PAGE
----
Each month we will give a tip on how to improve your results, sourced either from the literature or our own research.
5% O2 Vs 7% O2 for Culture
Why do we recommend in our protocol culturing putative zygotes to the blastocyst stage in 7% O2, rather than 5% O2? Historically, 5% O2 was found to be optimum for mouse embryo culture. Then H. Robin Tervit, whilst studying for his PhD at Babraham, Cambridge, UK, in 1972, demonstrated for sheep and cattle embryo development in vitro, 5% was beneficial over 20% (air). But there were no studies examining a range of O2 levels, until Jeremy Thompson and Robin Tervit published in 1990 the most comprehensive study of O2 levels and embryo development in sheep and cattle, indeed in any species, which remains so to this day. Their results suggested the theoretical optimal O2 level is 7% for embryo culture. This makes physiological sense, as the ruminant embryo is 30% larger in diameter compared to the mouse and more metabolically active, so a slightly higher level is likely to assist O2 diffusion.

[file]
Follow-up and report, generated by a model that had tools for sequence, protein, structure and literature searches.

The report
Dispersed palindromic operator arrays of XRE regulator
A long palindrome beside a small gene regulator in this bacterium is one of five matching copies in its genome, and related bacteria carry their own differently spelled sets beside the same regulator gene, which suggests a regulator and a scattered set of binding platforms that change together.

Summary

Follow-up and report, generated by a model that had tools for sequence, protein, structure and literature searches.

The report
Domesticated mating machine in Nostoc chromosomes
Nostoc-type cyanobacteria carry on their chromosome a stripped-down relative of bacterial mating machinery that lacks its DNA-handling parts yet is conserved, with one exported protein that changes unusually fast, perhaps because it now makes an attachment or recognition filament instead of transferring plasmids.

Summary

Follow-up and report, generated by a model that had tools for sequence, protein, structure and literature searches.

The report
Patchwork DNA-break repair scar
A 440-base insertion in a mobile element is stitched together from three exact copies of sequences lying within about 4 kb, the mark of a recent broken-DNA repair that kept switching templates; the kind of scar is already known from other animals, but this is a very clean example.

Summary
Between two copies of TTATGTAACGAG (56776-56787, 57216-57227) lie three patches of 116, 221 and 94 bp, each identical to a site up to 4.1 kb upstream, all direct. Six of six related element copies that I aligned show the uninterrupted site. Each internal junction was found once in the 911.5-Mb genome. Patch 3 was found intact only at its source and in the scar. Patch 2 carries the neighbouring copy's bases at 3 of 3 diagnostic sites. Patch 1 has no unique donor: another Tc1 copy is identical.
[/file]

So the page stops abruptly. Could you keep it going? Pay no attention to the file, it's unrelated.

But is 5% less effective than 7%? There is no evidence (and proving so would be of limited interest) to claim 5% is any better or worse than 7%. What is critical is that, for embryo culture in sheep, cattle and most other mammalian species, a low O2 environment, around 5 – 7%, is provided.
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